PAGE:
Month: February 2014

Russia’s Economy

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Mark Tuminello Russian moneyI read an interesting article on the Project Syndicate website about Russia in light of the current Winter Olympic Games in Sochi.  It turns out the country is on solid economic footing.

There is a prevalent belief in the United States that Russia, after the collapse of the Soviet Union in the 90′s, is in economic despair.  Certainly Russia is a world behind China’s booming and growing economy.  This is incorrect.  Russians currently enjoy a per capita income average of nearly $20,000 per year.  China’s is $10,000.  Extreme poverty?  Close to zero percent.  In China?  Extreme poverty is over 10%.

For some, this may be startling information.  How did Russia get ahead of China so quietly?  With high oil prices and excellent top-level economic policies.  Changes began in the early 90′s, as the government was fighting high inflation and shortages leftover from Soviet days.  In order to become a market economy, they stabilized their macroeconomic policies and reached out for financial assistance from the west.  Many countries wanted Russia to remain weak, and so money was not forthcoming.  It could be here that our misunderstanding begins.  Russia was working to improve their economy, and in turning them away, they were conceptually frozen in time as a struggling loser.

But as the years went on, Russia bounced back from those hard times.  Amidst extreme government corruption, a market economy managed to emerge.  Economic growth soon hit 4% average annual rate, which was nearly a miracle for the country.  Now inflation is at a recent low of 7% and unemployment just a little over 5%.  Their deficit is less than half a percent of their gross domestic product.  All of a sudden, we are seeing a country that actually seems to be in good shape, particularly at a time when so many countries are dealing with much worse than usual numbers.

The country is not resting on these laurels, though.  Oil and gas are expected to continue providing a serious engine for growth in the region, particularly as they are next door to the new consumer market in China.  Down the road, Russians are looking to develop global tech business, hoping this will be a second mighty engine to propel them into the the next centuries.  Under Soviet rule, Russia was a hotbed of industrial technology.  Because of global politics, this industry was pretty much completely cut off from the rest of the world markets.  Russia still has the potential to be a major global player in these industries.  Once they sort out a way to encourage private domestic investment and open their doors a little more to foreign investors, requiring an overhaul of sorts in the political environment, the road may be shorter than some would expect.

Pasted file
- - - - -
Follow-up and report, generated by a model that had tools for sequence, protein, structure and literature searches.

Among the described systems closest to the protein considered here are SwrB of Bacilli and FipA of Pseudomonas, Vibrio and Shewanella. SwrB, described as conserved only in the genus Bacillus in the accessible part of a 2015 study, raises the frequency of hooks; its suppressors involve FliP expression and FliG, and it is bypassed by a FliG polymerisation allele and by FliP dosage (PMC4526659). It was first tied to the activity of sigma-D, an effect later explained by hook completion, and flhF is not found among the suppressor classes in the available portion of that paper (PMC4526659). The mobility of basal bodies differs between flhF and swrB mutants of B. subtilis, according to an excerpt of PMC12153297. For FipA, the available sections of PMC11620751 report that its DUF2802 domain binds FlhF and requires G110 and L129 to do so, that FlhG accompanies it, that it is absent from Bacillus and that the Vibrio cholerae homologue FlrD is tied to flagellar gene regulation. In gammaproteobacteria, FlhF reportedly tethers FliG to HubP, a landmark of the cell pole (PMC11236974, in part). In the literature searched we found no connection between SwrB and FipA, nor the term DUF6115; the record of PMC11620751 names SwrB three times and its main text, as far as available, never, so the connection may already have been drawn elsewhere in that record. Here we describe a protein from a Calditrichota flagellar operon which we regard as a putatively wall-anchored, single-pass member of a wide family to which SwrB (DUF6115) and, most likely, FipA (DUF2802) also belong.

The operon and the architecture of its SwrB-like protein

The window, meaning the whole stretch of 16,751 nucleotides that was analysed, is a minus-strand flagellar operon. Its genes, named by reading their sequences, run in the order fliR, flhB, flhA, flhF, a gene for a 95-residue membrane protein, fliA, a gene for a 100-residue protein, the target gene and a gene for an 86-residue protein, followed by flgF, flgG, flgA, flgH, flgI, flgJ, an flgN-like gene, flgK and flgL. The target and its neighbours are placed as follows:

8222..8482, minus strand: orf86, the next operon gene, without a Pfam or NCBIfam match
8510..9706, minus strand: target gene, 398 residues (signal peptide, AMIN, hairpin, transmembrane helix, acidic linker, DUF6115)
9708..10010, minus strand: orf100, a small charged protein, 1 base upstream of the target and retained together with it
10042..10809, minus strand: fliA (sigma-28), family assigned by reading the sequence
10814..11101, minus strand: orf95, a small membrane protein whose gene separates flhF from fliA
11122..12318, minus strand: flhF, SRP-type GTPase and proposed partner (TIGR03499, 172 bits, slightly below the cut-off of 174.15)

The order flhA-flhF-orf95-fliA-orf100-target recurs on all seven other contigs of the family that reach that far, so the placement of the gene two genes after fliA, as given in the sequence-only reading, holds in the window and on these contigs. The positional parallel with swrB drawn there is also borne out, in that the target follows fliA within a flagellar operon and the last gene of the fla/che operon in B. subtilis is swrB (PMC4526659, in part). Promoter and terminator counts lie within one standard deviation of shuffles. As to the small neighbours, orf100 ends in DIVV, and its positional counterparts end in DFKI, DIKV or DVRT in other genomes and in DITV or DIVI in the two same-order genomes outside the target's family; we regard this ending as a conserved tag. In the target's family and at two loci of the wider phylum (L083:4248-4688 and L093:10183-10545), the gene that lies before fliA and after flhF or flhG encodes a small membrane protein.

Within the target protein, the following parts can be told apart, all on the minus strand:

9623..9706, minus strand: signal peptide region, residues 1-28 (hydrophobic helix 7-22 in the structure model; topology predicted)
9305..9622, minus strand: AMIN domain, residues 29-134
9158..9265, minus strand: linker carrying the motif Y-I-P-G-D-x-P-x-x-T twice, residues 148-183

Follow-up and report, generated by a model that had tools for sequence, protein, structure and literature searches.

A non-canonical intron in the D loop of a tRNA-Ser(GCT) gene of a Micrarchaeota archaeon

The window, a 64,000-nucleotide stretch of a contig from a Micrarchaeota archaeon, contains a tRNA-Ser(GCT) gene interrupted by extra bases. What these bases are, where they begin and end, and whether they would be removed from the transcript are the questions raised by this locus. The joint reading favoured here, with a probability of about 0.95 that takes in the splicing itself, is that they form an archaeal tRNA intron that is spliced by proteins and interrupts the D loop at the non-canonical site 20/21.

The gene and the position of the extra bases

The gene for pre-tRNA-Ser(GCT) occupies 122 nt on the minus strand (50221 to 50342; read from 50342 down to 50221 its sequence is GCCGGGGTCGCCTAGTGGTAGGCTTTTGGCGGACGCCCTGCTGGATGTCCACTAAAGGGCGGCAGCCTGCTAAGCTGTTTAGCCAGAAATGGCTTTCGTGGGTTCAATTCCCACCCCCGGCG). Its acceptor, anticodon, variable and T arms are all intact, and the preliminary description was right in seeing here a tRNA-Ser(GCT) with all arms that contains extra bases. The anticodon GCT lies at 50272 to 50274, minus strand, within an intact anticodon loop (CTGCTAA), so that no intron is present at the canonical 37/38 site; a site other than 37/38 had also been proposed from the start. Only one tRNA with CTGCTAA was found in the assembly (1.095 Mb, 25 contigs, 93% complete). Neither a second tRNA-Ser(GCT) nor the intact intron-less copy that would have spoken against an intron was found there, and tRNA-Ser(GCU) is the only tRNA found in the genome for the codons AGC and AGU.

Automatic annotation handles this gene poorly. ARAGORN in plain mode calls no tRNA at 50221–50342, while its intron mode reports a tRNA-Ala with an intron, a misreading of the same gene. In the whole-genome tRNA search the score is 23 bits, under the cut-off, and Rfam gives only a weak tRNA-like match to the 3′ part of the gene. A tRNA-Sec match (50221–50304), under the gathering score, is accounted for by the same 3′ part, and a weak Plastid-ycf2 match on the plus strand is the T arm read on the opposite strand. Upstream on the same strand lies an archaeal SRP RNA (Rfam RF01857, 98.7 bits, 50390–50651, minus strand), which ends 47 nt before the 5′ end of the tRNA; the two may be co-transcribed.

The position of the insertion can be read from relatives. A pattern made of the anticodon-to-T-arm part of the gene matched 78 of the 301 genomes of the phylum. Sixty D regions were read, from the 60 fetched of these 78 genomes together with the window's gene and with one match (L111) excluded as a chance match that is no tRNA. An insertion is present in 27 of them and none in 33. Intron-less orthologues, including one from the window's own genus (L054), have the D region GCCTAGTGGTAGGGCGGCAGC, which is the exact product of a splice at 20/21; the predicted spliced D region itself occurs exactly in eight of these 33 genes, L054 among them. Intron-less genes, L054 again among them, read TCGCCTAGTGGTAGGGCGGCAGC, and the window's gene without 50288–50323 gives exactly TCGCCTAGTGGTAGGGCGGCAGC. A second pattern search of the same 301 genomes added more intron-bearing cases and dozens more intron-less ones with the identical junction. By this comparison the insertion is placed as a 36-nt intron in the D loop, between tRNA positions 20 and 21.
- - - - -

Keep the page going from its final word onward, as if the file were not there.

from Mark Tuminello

Education Job Skills Gap

Mark Tuminello unemploymentIf you’re a young person entering the job market, this has probably happened to you.  You’re applying for jobs that require job experience, and so can never get the job experience required.  This catch-22 is all too common these days, and it’s a result of an education system that isn’t truly supplying students with appropriate experience and skills to get hired.

This gap between education and job readiness was addressed in a Huffington Post editorial.  Gone are the days when your college degree means there will be jobs waiting for you.  Only 27% of graduates are reporting being hired for positions related to their main course of study.  There is now a growing population of indebted grads accepting employment below their level of education.  So why is the return on investment for a degree so low at the moment?  Part of the reason is certainly the lack of new jobs being created coupled with an increasing number of college grads entering the workforce…or at least trying to.

But there’s something else going on here.  Employers are reporting skepticism to hire recent college graduates.  Recruiters are finding that recent graduates are not prepared for a job related to their major.  And you may have heard recent news about entire industries reporting extreme difficulty finding available, qualified workers.  5% of jobs in the country are unfilled due to a lack of capable candidates!  It’s a paradox, and one that requires attention.  Failing to meet the education needs of industry could become a major impediment to the national economy, as well as all the other problems that arise when unemployment remains high.

Much of the disparity, the unrequited need for skilled labor, is in the manufacturing industry.  The energy industry is also facing a wall, with a large percentage of their workers about to retire, booming new alternative energy jobs about to open up, and a set of required skills seldom addressed in the typical liberal arts program.

One of the solutions on the table is a marriage of two educational styles.  Vocational training is valuable in the direct application of skills for industries that are hiring.  Online education is convenient and inexpensive.  Together, these two styles may provide a solution that could have a major impact.  What needs to happen before we reap the benefits of this idea is for an entire educational industry to be developed around it.  There is currently no infrastructure for marking, curriculum, enrollment, etc.  There is also a negative perception to fight against.  Vocational programs are often viewed as gritty and purely mechanical.  Communicating the creativity, the problem-solving, the teamwork will be necessary to attract young professionals looking for a sense of fulfillment from their education and work life.

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